BY DAY 4
Post your response to the question, “To what extent is mixed methods research simply taking a quantitative design and a qualitative design and putting them together?” Next, explain the types of research questions best served by mixed methods research. Then, explain one strength and one limitation of mixed methods research. Finally, provide a rationale for or against the utility of mixed methods research in your discipline.
Be sure to support your Main Issue Post and Response Post with reference to the week’s Learning Resources and other scholarly evidence in APA Style.
Read a selection of your classmates’ postings.
• Johnson, R. B., & Onwuegbuzie, A. J. (2004). Mixed methods research: A research paradigm whose time has comeLinks to an external site.. Educational Researcher, 33(7), 14–26.
• Collins, K. M., & O’Cathain, A. (2009). Introduction: Ten points about mixed methods research to be considered by the novice researcherLinks to an external site.. International Journal of Multiple Research Approaches, (1), 2–7.
• Burkholder, G. J., Cox, K. A., Crawford, L. M., & Hitchcock, J. H. (Eds.). (2020). Research designs and methods: An applied guide for the scholar-practitioner. Thousand Oaks, CA: Sage.
o Chapter 8, “Mixed Methods Designs and Approaches”
Mixed methods research is not simply taking a quantitative design and a qualitative design and putting them together. Rather, it involves a comprehensive approach that allows researchers to gather and analyze data from both quantitative and qualitative methods in a manner that allows for triangulation, complementarity, and expansion of the research questions. According to Johnson and Onwuegbuzie (2004), mixed methods research is a research paradigm whose time has come, and it provides opportunities to enhance the research process by enabling researchers to draw on the strengths of both quantitative and qualitative research methods.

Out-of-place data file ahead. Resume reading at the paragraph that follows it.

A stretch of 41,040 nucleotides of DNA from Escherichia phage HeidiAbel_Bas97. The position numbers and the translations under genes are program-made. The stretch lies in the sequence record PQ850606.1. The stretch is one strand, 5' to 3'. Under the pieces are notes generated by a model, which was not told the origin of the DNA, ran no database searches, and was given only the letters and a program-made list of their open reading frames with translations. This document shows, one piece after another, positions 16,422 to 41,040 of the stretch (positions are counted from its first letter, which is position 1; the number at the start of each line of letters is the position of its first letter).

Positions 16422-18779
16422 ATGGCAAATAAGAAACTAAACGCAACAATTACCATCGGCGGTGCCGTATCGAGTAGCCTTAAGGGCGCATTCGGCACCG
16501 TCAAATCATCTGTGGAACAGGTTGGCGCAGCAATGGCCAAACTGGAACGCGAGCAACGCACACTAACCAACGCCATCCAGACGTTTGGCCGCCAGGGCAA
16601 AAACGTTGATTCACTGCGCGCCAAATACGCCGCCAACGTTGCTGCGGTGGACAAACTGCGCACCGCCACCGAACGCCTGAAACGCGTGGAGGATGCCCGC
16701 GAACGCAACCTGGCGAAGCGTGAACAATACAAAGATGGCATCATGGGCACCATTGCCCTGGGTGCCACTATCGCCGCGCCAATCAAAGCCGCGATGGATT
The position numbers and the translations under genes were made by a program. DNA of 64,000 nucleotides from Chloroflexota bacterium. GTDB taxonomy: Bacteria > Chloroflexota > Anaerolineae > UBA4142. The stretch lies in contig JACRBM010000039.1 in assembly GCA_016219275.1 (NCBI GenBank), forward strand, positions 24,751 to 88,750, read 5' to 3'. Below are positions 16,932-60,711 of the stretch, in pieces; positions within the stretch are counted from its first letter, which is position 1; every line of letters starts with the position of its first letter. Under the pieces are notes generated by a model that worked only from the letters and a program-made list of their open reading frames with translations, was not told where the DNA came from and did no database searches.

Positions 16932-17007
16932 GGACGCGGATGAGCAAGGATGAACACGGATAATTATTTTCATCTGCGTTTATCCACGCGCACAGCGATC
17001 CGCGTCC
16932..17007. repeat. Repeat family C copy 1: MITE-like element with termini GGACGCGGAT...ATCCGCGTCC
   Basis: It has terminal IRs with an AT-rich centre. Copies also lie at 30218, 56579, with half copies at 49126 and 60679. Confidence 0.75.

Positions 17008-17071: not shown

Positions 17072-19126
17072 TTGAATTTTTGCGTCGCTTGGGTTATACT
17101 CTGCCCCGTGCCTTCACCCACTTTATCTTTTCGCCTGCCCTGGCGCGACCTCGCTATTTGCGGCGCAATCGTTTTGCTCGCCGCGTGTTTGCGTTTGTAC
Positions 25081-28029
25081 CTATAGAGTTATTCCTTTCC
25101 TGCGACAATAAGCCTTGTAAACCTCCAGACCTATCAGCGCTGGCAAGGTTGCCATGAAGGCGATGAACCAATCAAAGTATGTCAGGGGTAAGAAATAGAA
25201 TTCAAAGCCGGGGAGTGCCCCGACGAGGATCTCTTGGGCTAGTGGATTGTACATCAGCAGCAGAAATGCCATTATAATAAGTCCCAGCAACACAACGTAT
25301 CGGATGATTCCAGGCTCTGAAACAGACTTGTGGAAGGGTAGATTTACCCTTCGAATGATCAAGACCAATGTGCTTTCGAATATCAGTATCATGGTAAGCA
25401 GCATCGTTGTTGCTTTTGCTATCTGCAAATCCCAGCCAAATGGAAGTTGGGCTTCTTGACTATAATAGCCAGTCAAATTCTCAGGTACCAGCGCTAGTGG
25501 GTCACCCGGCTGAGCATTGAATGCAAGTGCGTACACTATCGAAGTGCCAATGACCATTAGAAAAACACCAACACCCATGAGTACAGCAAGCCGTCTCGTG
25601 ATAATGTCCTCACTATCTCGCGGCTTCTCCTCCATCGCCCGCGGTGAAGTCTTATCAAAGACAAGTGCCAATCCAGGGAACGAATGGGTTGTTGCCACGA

Mixed methods research is best suited for research questions that require a comprehensive understanding of the research problem. The types of research questions that are best served by mixed methods research include those that require both quantitative and qualitative data, those that require a deep understanding of the research problem, and those that require a comprehensive understanding of the research context (Collins & O’Cathain, 2009). Mixed methods research is also useful when the research question requires an understanding of the complexity and diversity of the research problem, and when the research question requires a comprehensive understanding of the relationship between variables.
One strength of mixed methods research is that it allows researchers to gather and analyze data from multiple sources, which enhances the validity and reliability of the research findings. The use of both quantitative and qualitative data provides a more comprehensive understanding of the research problem than either method alone. Additionally, mixed methods research allows researchers to address the limitations of one method with the strengths of the other method.
One limitation of mixed methods research is that it can be time-consuming and resource-intensive. Combining quantitative and qualitative data requires a significant amount of planning and coordination, which can be challenging. Additionally, the use of multiple methods can increase the complexity of the research process, making it more difficult to analyze and interpret the data.
In my discipline, which is psychology, mixed methods research can be useful in many ways. For example, it can be used to explore the relationship between psychological variables and social, economic, or cultural factors. It can also be used to study complex psychological phenomena that cannot be fully understood through quantitative or qualitative methods alone. However, the utility of mixed methods research in psychology depends on the research question and the specific research design being used. Therefore, it is important to carefully consider the research question and the strengths and limitations of each method before deciding to use mixed methods research.